Inherent Vice (****)
Running time: 127 min
Director: Paul Thomas Anderson
Cast: Joaquin Phoenix, Josh Brolin, Owen Wilson, Katherine Waterston and Reese Witherspoon
[Movie House Dublin Road Press Screening 28/01/2015]
REVIEWING any Paul Thomas Anderson film is a difficult task, it’s not that they’re bad, it’s just that they’re so difficult to describe. There’s simply so much going on within any Anderson film that being able to write coherently about the plot, character etc. just isn’t an easy task and Inherent Vice is no exception.
Based on the novel by Thomas Pynchon, the first time any of his work has been adapted for the big-screen, Inherent Vice focuses on the permanently stoned private-detective Larry ‘Doc’ Sportello, played by Joaquin Phoenix. Everything starts off simply enough with Doc investigating a missing person case brought to him by his ex-girlfriend Shasta Fay Hepworth (Katherine Waterstone), but as the story unfolds the drama begins to take on multiple layers and viewers are introduced to an array of outlandish characters.
Anderson gets so many great performances from his stellar cast, Phoenix is fantastic in the film’s central role, his character switching from moments of striking clarity to marijuana induced fuzzy logic; but it’s Josh Brolin’s straight laced cop, nicknamed Bigfoot, who almost steals the show.
Reese Witherspoon and Benicio Del Toro also make memorable cameo performances, but be careful because it’s perfectly possible that viewers could easily blink and miss them. I’m still not convinced all the characters in this film are real; some appear so randomly that it hints they may be nothing more than a figment of Doc’s drug-fuelled imagination.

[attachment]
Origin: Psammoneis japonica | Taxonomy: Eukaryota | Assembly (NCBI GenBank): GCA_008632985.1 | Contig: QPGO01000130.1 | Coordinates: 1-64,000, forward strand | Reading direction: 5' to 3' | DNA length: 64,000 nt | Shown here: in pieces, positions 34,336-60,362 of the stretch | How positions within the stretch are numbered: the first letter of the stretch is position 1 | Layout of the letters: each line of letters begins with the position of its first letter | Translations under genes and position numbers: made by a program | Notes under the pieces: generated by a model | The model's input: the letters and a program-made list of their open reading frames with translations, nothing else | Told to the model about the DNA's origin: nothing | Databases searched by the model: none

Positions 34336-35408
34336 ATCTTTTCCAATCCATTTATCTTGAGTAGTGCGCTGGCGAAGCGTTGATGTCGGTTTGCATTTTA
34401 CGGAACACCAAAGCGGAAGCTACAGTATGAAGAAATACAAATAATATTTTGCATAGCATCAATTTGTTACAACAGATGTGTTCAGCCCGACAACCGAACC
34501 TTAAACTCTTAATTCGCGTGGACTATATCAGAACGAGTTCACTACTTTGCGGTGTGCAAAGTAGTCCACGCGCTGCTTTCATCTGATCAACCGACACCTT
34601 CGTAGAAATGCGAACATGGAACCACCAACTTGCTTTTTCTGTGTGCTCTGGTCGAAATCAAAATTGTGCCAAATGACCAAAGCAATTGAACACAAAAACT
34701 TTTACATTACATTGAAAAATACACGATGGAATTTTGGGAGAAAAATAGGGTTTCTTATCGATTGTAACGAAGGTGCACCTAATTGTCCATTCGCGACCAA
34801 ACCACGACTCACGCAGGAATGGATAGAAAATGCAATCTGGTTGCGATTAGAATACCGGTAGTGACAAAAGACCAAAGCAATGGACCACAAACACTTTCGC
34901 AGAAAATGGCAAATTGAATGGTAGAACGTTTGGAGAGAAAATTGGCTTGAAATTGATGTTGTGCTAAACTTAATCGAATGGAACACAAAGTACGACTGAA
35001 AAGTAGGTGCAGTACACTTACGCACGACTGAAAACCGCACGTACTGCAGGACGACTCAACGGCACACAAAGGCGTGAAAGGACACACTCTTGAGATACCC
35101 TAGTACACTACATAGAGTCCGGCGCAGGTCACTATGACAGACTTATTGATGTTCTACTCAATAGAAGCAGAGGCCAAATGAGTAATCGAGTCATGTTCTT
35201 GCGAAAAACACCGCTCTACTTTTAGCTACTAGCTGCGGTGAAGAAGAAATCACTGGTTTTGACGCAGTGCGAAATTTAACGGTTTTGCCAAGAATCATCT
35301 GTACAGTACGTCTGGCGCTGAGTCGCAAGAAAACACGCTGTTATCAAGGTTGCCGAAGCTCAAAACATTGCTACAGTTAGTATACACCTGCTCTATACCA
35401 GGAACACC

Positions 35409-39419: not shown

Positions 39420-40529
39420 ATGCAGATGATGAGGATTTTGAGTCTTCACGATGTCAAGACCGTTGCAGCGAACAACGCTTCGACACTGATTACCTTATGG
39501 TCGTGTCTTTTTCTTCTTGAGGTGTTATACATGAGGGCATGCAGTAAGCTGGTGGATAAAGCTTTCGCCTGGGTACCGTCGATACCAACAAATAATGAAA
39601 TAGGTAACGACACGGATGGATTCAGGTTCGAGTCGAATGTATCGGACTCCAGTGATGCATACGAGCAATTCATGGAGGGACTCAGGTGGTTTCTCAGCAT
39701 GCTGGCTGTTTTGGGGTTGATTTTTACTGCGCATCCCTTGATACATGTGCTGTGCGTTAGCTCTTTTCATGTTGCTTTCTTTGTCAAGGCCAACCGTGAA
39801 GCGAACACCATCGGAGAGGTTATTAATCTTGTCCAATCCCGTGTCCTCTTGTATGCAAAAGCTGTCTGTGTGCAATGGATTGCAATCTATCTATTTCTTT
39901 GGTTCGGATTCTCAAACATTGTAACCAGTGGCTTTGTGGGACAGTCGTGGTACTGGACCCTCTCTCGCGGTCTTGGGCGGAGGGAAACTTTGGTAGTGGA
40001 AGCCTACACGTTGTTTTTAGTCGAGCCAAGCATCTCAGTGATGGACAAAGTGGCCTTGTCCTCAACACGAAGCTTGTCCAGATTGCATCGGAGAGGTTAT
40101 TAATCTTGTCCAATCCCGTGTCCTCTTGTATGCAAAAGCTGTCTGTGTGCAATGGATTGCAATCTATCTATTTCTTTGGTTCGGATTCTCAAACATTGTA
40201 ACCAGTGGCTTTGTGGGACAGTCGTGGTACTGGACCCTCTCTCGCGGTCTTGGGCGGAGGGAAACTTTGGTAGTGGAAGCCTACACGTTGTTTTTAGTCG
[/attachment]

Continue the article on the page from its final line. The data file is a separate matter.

The film dabbles with many issues throughout its runtime, including the changing LA drug-scene, triggered by the arrival of heroine. There’s also heavy references to the shifting political landscape within America and the demise of hippy culture.
The rambling nature of this review in some ways tells you all you need to know about this film. It might frustrate and alienate some viewers, it may take a few viewings for everything to fall into place; but I’d definitely recommend giving it a go. It’s a much more accessible feature than some of Anderson’s previous films, but it still retains a lot of the director’s trademark touches and might leave some viewers with the munchies for more.
Review by Neil Sedgewick